MANA has preached long and hard to its members that they not only have a business plan for their agencies, but that they proactively and willingly share that plan with their principals. Such a plan indicates the level of professionalism your firm possesses and serves as a map pointing the rep to where he wants to go and what he wants to achieve for himself, his customers and principals.
An integral part of any business plan should be a list of the services the rep will provide and the functions he’ll perform for his principals. At the same time, reps should enumerate what they expect in return from their principals.
For instance, if the rep expresses a willingness to:
- Develop business in a virgin territory.
- Attend trade shows.
- Cooperate in joint sales calls.
- Participate in a rep council.
What’s the return he ought to expect from principals?
Isn’t it reasonable to raise the subject of shared territorial development costs, compensation for attendance at trade shows, and timely communication from the principal on matters of importance? While these are all-important considerations, let’s not stop there. Can’t the rep also expect to receive commissions in a timely and accurate manner?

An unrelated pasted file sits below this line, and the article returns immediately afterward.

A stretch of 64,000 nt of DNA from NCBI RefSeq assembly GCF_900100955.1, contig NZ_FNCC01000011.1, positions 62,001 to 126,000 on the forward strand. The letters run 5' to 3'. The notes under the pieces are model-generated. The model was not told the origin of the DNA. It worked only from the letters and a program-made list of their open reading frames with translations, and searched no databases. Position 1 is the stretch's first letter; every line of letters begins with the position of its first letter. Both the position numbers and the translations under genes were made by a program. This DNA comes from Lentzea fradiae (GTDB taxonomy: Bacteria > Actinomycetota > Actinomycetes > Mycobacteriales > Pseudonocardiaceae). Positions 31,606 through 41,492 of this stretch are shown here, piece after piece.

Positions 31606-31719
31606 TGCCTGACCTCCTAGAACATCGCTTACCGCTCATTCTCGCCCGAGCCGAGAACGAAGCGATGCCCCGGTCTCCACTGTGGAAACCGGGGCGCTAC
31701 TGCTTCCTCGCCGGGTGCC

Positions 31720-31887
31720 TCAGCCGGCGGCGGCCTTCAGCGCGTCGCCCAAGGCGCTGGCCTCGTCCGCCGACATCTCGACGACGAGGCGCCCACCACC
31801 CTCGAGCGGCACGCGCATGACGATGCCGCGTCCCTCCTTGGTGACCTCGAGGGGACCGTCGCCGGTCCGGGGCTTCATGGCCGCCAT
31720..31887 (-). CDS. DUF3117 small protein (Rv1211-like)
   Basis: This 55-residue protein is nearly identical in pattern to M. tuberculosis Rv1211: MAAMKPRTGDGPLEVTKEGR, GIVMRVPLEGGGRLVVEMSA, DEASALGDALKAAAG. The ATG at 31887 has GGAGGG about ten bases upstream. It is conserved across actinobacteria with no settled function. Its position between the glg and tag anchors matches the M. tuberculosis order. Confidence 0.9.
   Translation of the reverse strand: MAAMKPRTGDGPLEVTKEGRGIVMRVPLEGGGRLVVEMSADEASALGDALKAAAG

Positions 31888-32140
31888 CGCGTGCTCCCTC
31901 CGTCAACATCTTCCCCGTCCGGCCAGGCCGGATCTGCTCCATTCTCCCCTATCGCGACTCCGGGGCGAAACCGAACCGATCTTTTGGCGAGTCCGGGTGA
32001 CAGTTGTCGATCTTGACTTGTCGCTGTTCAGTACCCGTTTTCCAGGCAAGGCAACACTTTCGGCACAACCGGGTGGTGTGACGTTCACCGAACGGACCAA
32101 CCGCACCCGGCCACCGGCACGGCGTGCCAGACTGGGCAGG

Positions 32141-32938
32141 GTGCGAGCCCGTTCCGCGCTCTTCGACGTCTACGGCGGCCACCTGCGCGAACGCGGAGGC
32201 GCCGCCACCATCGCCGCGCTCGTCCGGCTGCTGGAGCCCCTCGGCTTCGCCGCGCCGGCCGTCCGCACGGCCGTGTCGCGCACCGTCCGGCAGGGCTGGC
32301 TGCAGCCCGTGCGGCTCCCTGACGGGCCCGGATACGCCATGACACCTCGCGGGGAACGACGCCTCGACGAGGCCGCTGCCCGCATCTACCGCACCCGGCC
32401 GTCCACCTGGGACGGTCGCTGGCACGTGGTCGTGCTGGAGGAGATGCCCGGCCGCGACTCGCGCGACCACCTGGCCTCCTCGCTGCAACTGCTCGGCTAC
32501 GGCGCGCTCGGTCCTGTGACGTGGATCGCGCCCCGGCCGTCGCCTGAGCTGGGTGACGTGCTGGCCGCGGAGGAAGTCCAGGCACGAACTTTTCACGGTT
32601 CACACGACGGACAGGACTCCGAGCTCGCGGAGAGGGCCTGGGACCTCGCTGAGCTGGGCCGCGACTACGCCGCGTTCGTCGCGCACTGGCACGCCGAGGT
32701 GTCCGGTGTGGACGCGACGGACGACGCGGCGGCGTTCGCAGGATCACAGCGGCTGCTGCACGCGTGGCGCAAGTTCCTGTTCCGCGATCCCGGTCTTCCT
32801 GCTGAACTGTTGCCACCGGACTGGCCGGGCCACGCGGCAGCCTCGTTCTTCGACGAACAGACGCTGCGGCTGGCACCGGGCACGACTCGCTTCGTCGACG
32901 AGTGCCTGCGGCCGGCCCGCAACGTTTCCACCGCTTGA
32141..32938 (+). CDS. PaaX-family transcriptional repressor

All I’m espousing here is that the rep who considers himself a “businessman in sales” should realize the importance of having such a road map at his disposal that not only shows him where he’s going, but what the important landmarks for the duration of his journey are.
It’s often been said that if you begin a trip without a map, it’s easy to reach your destination — because your destination is nowhere. That’s not the kind of trip we want MANA members to take.